Every Monday I’ll try and post links to articles or videos I’ve found interesting and useful. Today’s post is mostly about explaining things.
Team Topologies is important, and adds a significant piece to the jigsaw puzzle of how to build great software.
That said, Willison notes that GPT-3 doesn’t actually “know” anything, it’s just really good at looking like it does, and we should keep that in mind before asking GPT-3 something like “which is better?”
Once again, I’m reminded that tools like GPT-3 should be classified in the “bicycles for the mind” category. You still have to know how to pedal!
They’re fantastic tools for thinking, but to actually use their output effectively requires VERY deep knowledge—both of the subject matter in question, and of the way that the AI tools themselves work.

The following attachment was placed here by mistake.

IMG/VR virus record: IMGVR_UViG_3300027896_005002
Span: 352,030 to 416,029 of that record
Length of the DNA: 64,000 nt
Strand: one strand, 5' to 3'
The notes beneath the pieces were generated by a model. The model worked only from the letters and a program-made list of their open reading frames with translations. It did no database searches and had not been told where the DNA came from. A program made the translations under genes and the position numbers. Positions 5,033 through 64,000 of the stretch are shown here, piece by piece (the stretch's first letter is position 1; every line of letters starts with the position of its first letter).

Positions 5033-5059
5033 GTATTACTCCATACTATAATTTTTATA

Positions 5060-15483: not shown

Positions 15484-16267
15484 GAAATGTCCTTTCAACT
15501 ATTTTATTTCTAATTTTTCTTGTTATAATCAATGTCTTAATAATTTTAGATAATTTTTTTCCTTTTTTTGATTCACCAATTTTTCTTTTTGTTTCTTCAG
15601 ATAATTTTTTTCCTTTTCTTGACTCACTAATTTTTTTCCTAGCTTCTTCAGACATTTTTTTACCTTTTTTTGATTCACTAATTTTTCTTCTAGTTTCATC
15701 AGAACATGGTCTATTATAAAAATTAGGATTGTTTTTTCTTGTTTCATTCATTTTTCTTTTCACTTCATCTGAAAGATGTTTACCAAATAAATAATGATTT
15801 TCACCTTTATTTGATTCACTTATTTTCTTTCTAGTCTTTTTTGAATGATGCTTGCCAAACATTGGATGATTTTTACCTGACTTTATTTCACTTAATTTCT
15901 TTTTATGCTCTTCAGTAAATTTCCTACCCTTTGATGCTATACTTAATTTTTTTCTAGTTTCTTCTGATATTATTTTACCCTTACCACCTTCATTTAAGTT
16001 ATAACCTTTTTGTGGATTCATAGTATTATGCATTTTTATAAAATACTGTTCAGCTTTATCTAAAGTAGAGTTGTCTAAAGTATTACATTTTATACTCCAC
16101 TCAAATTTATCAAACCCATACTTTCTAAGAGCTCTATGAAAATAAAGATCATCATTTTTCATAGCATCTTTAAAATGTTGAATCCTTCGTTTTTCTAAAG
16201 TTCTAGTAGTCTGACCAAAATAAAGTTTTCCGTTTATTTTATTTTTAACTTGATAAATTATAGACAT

Also Simon Willison in the b3ta newsletter:
Using these AIs feels more like spellcasting than programming: no-one, not even the creators, fully understands how they work or what they can do and you get better at them by accumulating weird new incantations that might lead to better results. Or unleash demons if you type something wrong.
And speaking of explaining things, Julia Evans has some excellent advice on how to avoid confusing folks when you’re trying to explain technical things.
[…]knowing that I’m likely to accidentally do these things makes it easier for me to avoid them, and it makes me more receptive to critique when people point out issues with my writing (“Julia, this is assuming a lot of knowledge that I don’t have!“).
Being aware of these patterns also helps me when reading a confusing explanation: “oh, I’m not confused by this explanation because I’m stupid, I’m confused because it’s introduced 6 new-to-me concepts and it hasn’t explained what any of them is yet!“.